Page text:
When they arrived at the Ma’ale Adumim police station, in the early afternoon, Mohammad was questioned for several hours by an Israeli interrogator. The interrogator accused Mohammad of throwing Molotov cocktails at Israeli military patrols and told him that his friend Anas had already confessed. He further mentioned that Anas told them that the three boys were on their way to throw Molotov cocktails when they were arrested the previous day in Abu Dis. The interrogator also said that Anas told them that Mohammad had thrown Molotov cocktails 15 times in the past. Mohammad denied the interrogator’s accusations.
The interrogator then began to write down a false statement himself, writing that Mohammad said he threw the Molotov cocktails, and tried to force Mohammad to sign the statement. Mohammad refused to sign. The Israeli officer began to threaten to beat and kill him. Then he told Mohammad that he would do “sexual things” to him and that “he liked doing that to young boys”.
At 6 p.m. that day, more than 24 hours after Mohammad was arrested, he was finally given something to eat by officers at the Ma’ale Adumim police station. Mohammad gave a statement to his interrogators, reiterating his earlier denial of any involvement in throwing Molotov cocktails and seeking action for the torture he’d undergone at the hands of the Israeli soldiers since his arrest. No copy of this statement was recorded or provided during pretrial disclosure by military prosecutors.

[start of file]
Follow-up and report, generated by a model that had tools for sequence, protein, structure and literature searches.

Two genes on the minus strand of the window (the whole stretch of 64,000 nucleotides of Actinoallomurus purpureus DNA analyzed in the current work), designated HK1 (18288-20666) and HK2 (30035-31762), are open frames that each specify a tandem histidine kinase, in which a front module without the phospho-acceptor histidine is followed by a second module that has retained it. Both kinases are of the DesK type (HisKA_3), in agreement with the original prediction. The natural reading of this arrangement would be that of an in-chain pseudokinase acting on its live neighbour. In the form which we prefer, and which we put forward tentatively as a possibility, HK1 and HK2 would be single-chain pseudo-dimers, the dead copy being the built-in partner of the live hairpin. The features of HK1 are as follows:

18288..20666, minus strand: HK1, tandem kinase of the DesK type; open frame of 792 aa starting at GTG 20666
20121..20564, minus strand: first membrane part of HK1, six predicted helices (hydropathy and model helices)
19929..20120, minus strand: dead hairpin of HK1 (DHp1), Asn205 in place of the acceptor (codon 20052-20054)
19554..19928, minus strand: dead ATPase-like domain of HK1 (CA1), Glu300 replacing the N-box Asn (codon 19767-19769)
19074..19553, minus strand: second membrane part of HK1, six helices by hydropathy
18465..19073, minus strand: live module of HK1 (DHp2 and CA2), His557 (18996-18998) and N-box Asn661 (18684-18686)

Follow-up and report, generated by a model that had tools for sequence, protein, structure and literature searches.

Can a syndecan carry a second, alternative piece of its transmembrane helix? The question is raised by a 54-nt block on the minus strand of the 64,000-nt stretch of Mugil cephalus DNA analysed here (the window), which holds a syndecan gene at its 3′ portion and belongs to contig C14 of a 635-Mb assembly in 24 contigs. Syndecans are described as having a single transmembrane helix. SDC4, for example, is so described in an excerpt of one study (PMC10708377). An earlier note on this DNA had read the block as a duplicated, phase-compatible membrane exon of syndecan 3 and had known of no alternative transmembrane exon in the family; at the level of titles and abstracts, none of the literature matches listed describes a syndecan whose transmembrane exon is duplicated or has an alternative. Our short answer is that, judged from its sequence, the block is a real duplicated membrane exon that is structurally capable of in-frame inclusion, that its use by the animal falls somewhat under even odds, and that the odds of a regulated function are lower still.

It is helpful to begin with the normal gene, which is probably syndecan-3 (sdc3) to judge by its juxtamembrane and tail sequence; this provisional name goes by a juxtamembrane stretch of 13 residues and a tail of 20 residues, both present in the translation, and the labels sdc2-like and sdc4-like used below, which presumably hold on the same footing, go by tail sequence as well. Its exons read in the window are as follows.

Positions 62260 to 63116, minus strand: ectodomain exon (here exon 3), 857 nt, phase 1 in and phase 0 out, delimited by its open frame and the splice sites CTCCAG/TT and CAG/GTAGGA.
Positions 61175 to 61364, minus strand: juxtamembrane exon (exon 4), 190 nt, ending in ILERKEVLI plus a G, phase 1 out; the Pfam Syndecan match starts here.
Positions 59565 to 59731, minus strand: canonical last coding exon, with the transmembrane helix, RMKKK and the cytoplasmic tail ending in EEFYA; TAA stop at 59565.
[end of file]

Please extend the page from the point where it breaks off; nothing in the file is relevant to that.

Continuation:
At 8:30 p.m. that night, after more than a day with little food and no sleep, Mohammad signed a confession claiming that he’d thrown Molotov cocktails. He later told his lawyer, Addameer attorney Mahmoud Hassan, that he had made this confession out of fear after numerous threats by his interrogators that he would be subjected to further torture if he did not. A video of the interrogation at this point shows the Israeli interrogator drafting the written statement of Mohammad’s confession, prompting a tired and fearful Mohammad, asking leading questions and feeding him the words the interrogator wanted him to say.
An additional problem demonstrated by the video is language. It is obvious from viewing the recording that the interrogator, called Avi Teveoni, did not have sufficient Arabic skills to question the boy and understand his version of events. On many occasions, the interrogator asked Mohammad to repeat his statement as he hadn’t fully understood the boy’s account. It is thus likely that the interrogator made mistakes in the statement that he wrote, and by doing so, altered Mohammad’s statement. This is even more problematic when one considers that this statement serves as the primary evidence against Mohammad in his trial before the military courts.
Further, the written statement taken at this time was drafted by the interrogator in Hebrew, a language that Mohammad does not understand. The interrogation video, obtained by Adv. Hassan only after military prosecutors accidentally exposed its existence to him, reveals that the written statement omits most of Mohammad’s repeated references to the torture he endured at the hands of the Israeli soldiers in Abu Dis and at the hospital. The video also reveals that the interrogator did not read the written statement aloud to Mohammad, although he had claimed to have done so.